Blog Dylan: A Hard-Boiled Rain’s A-gonna Fall

I am a Dylan nut.  In fact I am a Dylan nut, who is the son of two Dylan nuts.  In fact I am a Dylan nut, who was the grandson of a Dylan nut*.  So I do have some form here.

Over the years I have read and discarded a few tomes on the man himself and I still think his own Chronicles is really the only Dylan book you need.  Rather than reviewing one of those vinyl thingys, or even one of those book thingys I wanted to share with you the best description of Dylan’s voice I have ever happened across.

Blog Dylan Murakami 01

It is taken from Haruki Murakami’s Hard-Boiled Wonderland and the End of the World, his 1985 novel that nobody except me seems to like very much.  As you can guess I am arrogant enough to know that means everybody else is simply wrong and I am right.  Murakami is probably my favourite living author and this was his fourth novel and a strange one, even by his own standards.  It is split between a story set in a very near future Tokyo about a man who carries information locked into his memory for a living, written in a hard-boiled cyberpunk style and a fantastical tale set in a shadowed fable of a world.  There is a clever reason for all of this which I shan’t spoil for you in case you read it one day.

Murakami’s books are liberally seasoned with music, his first job was in a record shop and he ran a jazz bar with his wife for 7 years and a number of his protagonists discourse knowledgeably about it, particularly the nameless narrator of Hard-Boiled Wonderland.  He hires a car and buys a lot of tapes for it, one of which is a Bob Dylan collection that he plays when he is checking out the controls.  The lady at the car rental describes Dylan’s voice thusly,

‘No, I really like his voice,’ she said. ‘It’s like a kid standing at the window watching the rain’

I love that description as much as the narrator does.  It captures the plaintive observant, uniquely other nature of Dylan’s voice at least in his early works.  I often think back to it when I listen to the man.

Blog Dylan Murakami 02

Book Spoiler Alert: The narrator dies thinking about the rain on the windscreen of his car and listening to Bob Dylan, in a beautifully written and wonderfully resigned scene, echoing the rental lady’s description of the voice.

Blog Dylan Murakami 03

‘No, I really like his voice,’ she said. ‘It’s like a kid standing at the window watching the rain’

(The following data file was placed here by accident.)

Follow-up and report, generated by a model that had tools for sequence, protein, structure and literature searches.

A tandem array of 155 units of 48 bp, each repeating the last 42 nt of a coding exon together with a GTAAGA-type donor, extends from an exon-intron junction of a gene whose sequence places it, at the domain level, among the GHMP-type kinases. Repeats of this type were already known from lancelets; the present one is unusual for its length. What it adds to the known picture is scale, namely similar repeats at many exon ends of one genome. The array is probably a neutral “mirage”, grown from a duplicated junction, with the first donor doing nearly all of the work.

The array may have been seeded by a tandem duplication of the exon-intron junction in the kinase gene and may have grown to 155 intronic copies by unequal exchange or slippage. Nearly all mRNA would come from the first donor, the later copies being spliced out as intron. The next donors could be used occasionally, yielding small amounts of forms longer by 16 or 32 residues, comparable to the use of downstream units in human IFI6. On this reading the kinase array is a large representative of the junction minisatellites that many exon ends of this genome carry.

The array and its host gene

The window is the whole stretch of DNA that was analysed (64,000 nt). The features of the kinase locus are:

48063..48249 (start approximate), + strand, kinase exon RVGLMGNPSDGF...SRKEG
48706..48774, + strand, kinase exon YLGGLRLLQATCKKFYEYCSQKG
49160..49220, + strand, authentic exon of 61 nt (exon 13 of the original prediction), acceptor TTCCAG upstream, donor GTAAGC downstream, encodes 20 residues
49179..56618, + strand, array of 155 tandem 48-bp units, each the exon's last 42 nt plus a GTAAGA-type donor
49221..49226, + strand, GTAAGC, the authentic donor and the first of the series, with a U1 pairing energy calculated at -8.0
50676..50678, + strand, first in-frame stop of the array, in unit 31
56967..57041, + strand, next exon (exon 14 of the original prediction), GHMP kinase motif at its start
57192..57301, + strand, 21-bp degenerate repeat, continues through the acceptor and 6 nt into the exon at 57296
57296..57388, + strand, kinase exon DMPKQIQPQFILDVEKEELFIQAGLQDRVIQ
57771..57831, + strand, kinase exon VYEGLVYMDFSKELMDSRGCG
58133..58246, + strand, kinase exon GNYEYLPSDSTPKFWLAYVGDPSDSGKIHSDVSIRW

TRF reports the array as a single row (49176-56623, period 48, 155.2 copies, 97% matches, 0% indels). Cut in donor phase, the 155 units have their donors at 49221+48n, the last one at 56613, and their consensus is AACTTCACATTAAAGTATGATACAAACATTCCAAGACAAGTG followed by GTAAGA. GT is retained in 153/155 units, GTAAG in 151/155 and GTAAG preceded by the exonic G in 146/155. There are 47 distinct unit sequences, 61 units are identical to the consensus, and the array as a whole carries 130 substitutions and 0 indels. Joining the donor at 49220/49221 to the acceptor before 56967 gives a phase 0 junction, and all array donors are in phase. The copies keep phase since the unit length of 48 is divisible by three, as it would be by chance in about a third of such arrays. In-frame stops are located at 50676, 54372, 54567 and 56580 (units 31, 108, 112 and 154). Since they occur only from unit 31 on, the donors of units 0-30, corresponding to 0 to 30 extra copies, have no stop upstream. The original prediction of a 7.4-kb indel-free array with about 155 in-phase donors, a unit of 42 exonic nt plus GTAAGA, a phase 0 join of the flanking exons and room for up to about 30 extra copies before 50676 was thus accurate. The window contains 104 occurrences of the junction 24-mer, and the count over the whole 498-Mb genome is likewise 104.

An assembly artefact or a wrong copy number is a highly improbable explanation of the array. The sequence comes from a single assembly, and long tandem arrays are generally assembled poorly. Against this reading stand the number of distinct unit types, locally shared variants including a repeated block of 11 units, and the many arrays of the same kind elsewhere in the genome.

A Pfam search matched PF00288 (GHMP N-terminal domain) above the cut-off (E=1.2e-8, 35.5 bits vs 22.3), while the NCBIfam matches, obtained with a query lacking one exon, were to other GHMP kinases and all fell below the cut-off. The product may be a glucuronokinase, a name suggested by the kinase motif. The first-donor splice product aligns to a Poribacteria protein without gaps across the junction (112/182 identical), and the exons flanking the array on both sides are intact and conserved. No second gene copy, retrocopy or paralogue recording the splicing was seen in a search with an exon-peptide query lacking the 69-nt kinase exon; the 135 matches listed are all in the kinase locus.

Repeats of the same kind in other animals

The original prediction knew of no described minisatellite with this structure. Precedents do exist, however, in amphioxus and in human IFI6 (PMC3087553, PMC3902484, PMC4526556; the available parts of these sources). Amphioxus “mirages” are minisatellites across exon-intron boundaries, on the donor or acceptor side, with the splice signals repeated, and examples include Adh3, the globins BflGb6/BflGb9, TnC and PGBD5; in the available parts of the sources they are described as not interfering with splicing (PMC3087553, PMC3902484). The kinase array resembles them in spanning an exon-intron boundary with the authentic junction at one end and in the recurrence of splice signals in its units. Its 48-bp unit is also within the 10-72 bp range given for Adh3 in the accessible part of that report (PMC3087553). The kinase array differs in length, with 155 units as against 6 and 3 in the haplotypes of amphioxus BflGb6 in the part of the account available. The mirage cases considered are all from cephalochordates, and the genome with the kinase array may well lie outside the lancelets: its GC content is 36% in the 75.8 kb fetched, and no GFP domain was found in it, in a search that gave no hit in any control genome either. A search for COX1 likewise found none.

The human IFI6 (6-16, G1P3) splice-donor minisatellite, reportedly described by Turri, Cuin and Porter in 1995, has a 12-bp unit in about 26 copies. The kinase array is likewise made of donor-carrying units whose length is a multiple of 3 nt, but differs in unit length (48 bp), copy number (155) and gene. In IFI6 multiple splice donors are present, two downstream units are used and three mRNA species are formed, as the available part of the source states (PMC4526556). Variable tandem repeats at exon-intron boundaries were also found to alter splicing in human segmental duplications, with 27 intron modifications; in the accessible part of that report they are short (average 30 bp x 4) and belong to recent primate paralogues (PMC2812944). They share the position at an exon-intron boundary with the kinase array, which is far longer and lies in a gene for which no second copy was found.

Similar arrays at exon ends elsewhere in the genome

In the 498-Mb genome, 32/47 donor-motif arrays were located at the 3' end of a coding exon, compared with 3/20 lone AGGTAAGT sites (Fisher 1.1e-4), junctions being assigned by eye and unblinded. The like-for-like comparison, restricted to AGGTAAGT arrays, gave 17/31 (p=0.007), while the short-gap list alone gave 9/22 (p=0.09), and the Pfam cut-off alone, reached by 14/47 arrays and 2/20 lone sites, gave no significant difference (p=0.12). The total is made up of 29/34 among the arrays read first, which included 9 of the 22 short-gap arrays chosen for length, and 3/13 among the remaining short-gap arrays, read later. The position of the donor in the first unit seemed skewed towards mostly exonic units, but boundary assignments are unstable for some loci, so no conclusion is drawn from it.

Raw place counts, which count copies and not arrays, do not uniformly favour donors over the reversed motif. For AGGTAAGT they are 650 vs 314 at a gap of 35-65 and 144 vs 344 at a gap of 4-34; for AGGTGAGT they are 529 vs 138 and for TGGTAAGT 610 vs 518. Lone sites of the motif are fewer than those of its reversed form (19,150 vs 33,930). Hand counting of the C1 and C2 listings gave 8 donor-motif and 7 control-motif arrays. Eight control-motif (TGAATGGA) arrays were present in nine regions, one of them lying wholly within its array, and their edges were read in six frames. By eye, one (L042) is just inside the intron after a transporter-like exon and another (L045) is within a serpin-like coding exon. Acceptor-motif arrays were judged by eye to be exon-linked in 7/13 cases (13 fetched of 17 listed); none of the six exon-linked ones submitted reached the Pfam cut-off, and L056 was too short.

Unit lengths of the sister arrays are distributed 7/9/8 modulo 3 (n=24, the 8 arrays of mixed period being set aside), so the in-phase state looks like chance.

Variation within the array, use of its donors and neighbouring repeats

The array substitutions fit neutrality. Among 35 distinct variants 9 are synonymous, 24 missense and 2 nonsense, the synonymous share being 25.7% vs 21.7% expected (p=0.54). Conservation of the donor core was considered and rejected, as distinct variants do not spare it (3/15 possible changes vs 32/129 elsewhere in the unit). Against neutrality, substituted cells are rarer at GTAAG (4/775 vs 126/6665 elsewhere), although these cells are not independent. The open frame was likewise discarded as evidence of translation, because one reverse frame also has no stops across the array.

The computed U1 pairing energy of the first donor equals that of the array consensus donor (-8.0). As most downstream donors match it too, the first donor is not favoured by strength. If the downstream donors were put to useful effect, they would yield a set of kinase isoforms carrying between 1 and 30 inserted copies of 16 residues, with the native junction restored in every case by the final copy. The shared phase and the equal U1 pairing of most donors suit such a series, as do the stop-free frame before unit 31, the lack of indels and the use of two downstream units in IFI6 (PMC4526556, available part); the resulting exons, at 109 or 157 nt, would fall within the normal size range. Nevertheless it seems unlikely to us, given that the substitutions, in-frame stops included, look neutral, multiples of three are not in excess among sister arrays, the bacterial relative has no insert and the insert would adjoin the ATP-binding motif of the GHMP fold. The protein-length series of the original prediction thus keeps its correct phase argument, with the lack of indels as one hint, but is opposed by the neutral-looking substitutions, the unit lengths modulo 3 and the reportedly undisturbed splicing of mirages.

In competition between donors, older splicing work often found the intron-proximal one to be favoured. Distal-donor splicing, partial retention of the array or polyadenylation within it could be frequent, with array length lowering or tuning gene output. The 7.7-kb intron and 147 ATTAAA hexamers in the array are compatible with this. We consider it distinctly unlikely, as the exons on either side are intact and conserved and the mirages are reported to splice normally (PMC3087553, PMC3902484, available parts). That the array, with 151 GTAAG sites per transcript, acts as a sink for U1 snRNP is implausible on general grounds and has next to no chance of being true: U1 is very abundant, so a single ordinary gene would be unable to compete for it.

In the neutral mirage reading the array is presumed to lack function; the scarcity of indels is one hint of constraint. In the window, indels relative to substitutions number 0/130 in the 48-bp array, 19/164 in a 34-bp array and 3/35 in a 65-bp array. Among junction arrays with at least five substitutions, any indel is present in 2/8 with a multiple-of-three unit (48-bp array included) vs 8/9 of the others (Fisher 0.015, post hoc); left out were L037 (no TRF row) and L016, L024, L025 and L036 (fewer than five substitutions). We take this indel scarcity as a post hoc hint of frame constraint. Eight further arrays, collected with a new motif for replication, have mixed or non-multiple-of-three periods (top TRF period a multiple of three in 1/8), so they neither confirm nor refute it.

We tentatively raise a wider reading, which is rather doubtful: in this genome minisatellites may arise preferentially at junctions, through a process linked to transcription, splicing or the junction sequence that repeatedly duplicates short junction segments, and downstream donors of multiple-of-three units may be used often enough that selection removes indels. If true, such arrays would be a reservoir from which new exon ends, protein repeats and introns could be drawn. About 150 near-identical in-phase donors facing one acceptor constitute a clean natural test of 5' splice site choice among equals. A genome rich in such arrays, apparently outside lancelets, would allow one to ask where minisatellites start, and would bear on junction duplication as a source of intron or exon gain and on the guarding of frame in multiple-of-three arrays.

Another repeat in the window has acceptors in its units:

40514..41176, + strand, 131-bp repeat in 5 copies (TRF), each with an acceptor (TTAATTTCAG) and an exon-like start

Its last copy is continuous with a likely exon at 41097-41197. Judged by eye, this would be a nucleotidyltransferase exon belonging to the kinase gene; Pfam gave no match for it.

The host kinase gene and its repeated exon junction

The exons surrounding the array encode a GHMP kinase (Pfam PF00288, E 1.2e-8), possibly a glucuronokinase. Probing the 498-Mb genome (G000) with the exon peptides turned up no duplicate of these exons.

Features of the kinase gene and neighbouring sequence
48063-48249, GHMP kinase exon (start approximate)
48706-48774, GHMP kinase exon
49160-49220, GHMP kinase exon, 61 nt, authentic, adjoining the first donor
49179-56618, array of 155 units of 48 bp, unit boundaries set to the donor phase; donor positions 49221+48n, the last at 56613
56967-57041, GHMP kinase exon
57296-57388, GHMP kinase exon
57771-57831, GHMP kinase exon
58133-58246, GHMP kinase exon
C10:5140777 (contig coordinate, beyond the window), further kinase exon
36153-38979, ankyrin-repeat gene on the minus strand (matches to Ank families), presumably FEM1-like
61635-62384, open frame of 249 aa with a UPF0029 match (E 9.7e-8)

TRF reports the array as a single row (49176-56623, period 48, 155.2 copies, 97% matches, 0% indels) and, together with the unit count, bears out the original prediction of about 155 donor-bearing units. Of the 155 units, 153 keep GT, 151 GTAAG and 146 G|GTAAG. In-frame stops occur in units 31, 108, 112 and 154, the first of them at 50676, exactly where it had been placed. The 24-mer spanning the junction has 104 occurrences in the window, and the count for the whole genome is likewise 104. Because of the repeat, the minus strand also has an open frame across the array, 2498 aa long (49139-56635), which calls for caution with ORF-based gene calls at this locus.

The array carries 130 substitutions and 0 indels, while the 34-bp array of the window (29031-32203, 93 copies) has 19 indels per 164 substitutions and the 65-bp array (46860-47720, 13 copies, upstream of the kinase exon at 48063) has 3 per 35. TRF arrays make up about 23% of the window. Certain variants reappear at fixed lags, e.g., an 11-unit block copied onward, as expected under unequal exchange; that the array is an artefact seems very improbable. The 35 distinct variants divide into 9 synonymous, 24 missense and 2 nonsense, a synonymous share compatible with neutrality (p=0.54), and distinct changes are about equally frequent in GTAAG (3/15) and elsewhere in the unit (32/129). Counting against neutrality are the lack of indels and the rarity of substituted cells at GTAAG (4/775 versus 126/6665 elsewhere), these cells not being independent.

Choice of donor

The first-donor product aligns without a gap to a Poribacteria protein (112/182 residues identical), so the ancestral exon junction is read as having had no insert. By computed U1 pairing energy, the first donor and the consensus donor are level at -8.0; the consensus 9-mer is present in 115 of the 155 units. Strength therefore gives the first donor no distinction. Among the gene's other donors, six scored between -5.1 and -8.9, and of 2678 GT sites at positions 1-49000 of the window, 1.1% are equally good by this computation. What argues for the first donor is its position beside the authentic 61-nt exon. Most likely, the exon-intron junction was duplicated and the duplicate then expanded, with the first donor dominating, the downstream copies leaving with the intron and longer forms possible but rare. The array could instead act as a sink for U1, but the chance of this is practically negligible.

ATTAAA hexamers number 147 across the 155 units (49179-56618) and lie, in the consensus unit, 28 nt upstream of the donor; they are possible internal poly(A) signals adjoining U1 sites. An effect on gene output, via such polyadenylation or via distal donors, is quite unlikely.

820 Down (still).

This post is part of the Blog Dylan series of posts conceived and organised by Danica over at her excellent Living a Beautiful Life blog.  Thank you for asking me.

*my grandmother went to the 1969 Isle of Wight Festival solely to see Bob Dylan.  My parents were horrified because in those days people over the age of 25 just didn’t go to gigs or festivals, they genuinely thought she might die if exposed to high volume music and vibes; very different times.

33 thoughts on “Blog Dylan: A Hard-Boiled Rain’s A-gonna Fall

  1. Just when I thought we couldn’t love you any more, you drop Murakami on us! Brilliant!

    I haven’t read that particular book, but the first part of the the premise (“set in a very near future Tokyo about a man who carries information locked into his memory for a living, written in a hard-boiled cyberpunk style”) sounds a lot like Johnny Mnemonic. Of course, I know that was William Gibson (and OMG I LOVE WILLIAM GIBSON) but it still occurred to me.

    My lovely wife and I have this converdsation every now and then, about Dylan, Neil Young, how they can’t sing. I say they don’t have to be good, they already are. And it’s weird, ‘cos she LOVES Tom Waits. Ah well.

    Great post, sir!

    Liked by 1 person

  2. I love Murakami! But both of his books I’ve read referenced classical pieces. I’d never expect him to weave Dylan into a book.
    Might have to put this one on hold at the library.

    Liked by 1 person

  3. I’ve only read Murakami’s ‘what I talk about when I talk about running’ but I recall you also recommended Norwegian Wood, so both that and Hard-Boiled are now on my to-be-read list.
    I get excited when I see band Ts in movies & when songs/artists are part of the dialogue in books. And if his books are liberally seasoned with music references, sold!

    Liked by 1 person

    1. No thank you for organising this. Yup, sorry about the death bit – you might be better off trying to forget that bit happened.

      (to be honest, due to the way the book works, it isn’t much of a spoiler, honest)

      Liked by 1 person

      1. My pleasure! Thank you for dreaming up the winning title and your wonderful contribution.

        The death bit is okay, I’m sure. I’ll do my best to erase that bit of info from my memory — before it’s locked in.

        (I do understand what you mean. Deaths aren’t necessarily defining moments in books.)

        Liked by 1 person

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